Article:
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Catastrophic software errors doomed Boeing's airplanes and nearly destroyed its NASA spaceship. Experts blame the leadership's 'lack of engineering culture.'

Catastrophic software errors doomed Boeing's airplanes and nearly destroyed its NASA spaceship. Experts blame the leadership's 'lack of engineering culture.'
Jason Redmond/Reuters; Boeing



NASA is investigating Boeing after software coding errors jeopardized its Starliner spaceship's crucial test flight.




One error caused the spaceship's thrusters to fire too early. A second — fixed mid-flight — could have caused a catastrophic crash between two closely maneuvering modules of the spaceship.




Software flaws also caused two Boeing 737 Max plane crashes that killed 346 people. NASA officials mentioned those problems when they announced the new investigation.




Together, multiple government agencies are now questioning whether Boeing's newest planes or spacecraft are safe for people.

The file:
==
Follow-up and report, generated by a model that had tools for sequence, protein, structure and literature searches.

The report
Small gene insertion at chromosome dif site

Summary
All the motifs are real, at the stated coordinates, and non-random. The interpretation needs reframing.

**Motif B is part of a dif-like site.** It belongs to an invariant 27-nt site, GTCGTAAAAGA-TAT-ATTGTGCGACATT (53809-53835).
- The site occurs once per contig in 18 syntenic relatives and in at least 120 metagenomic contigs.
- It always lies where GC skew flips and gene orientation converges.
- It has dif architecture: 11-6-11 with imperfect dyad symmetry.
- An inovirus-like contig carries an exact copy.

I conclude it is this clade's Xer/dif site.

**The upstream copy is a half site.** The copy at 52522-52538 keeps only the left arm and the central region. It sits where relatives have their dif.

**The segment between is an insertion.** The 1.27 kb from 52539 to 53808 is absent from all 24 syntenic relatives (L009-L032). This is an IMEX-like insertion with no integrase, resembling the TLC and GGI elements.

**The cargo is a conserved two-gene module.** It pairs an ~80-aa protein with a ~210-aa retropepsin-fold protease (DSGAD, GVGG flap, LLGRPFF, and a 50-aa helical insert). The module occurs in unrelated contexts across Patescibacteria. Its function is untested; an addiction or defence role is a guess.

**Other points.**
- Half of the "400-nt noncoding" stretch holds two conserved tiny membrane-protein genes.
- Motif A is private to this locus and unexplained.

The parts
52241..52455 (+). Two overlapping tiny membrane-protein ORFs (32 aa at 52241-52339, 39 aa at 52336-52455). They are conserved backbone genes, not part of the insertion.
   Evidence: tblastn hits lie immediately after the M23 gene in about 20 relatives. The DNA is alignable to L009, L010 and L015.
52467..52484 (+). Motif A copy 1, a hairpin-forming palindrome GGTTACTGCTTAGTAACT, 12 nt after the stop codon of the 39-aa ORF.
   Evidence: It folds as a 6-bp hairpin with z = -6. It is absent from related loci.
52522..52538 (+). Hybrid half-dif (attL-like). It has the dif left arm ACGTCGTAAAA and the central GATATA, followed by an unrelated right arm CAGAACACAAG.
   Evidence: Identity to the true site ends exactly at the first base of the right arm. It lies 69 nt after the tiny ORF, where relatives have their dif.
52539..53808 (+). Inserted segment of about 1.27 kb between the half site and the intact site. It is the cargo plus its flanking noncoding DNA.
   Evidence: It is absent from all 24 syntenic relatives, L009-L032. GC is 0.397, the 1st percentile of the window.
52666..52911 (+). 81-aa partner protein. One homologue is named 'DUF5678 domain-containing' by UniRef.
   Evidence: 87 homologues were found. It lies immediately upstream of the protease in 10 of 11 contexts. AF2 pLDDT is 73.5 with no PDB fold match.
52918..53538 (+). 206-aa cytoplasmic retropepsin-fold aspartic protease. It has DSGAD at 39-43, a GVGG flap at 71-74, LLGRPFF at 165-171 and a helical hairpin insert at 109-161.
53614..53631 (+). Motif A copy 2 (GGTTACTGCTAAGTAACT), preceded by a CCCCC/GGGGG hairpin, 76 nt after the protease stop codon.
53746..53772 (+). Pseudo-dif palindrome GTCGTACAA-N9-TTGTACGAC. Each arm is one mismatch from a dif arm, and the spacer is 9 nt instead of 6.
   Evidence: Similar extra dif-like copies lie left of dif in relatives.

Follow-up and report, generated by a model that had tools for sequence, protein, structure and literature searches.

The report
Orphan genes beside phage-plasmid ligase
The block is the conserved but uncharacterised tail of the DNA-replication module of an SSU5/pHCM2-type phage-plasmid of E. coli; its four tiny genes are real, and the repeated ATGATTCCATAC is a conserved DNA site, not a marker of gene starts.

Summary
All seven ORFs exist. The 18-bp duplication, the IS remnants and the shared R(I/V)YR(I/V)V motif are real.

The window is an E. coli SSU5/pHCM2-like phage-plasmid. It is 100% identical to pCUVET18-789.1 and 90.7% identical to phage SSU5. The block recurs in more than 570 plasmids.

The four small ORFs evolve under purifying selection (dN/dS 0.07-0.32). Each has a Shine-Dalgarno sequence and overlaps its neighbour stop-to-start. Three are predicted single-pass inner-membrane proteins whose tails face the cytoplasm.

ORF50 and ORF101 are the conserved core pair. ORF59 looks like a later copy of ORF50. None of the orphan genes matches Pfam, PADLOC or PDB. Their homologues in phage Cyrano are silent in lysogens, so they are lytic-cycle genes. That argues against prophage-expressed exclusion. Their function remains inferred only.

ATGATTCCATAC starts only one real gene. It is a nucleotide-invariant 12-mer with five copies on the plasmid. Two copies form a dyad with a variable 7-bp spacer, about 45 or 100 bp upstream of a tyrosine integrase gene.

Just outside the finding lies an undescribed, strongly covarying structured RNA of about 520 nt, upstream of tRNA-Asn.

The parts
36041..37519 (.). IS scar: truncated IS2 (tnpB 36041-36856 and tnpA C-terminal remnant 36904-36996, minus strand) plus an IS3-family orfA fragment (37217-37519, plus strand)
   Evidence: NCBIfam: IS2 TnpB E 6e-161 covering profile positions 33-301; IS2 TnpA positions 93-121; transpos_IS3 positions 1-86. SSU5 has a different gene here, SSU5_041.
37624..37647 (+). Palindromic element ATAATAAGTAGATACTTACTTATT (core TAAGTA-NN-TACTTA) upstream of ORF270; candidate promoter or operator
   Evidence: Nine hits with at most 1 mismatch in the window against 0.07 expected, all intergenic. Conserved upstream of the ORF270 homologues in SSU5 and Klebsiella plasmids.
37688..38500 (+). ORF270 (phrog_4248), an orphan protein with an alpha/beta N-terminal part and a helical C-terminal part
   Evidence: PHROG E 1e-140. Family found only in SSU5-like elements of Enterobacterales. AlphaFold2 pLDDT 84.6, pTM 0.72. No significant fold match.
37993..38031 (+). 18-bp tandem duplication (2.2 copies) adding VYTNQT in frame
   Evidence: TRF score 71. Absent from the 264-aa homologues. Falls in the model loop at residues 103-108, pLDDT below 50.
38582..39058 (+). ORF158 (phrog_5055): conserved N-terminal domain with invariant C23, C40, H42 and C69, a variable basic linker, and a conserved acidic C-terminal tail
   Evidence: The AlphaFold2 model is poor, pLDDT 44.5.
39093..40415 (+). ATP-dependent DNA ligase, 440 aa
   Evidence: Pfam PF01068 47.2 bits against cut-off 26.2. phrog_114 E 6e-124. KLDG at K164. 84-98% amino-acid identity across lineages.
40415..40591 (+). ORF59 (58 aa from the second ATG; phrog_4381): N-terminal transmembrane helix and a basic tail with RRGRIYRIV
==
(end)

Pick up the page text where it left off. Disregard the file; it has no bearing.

One analyst said "there is a clear lack of engineering culture, aeronautical culture, and long-term business culture" on Boeing's board.




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Just 31 minutes after Boeing's CST-100 Starliner spaceship launched into space, Mission Control knew something was wrong.
In the early stages of that crucial test flight on December 20, the Starliner's engines were supposed to fire automatically, setting the ship on a course toward the International Space Station — but they never did.
Mission controllers soon realized the problem: The Starliner's clock was 11 hours ahead. It was following the steps of a phase of the mission it had not yet reached, firing small thrusters to adjust its position.
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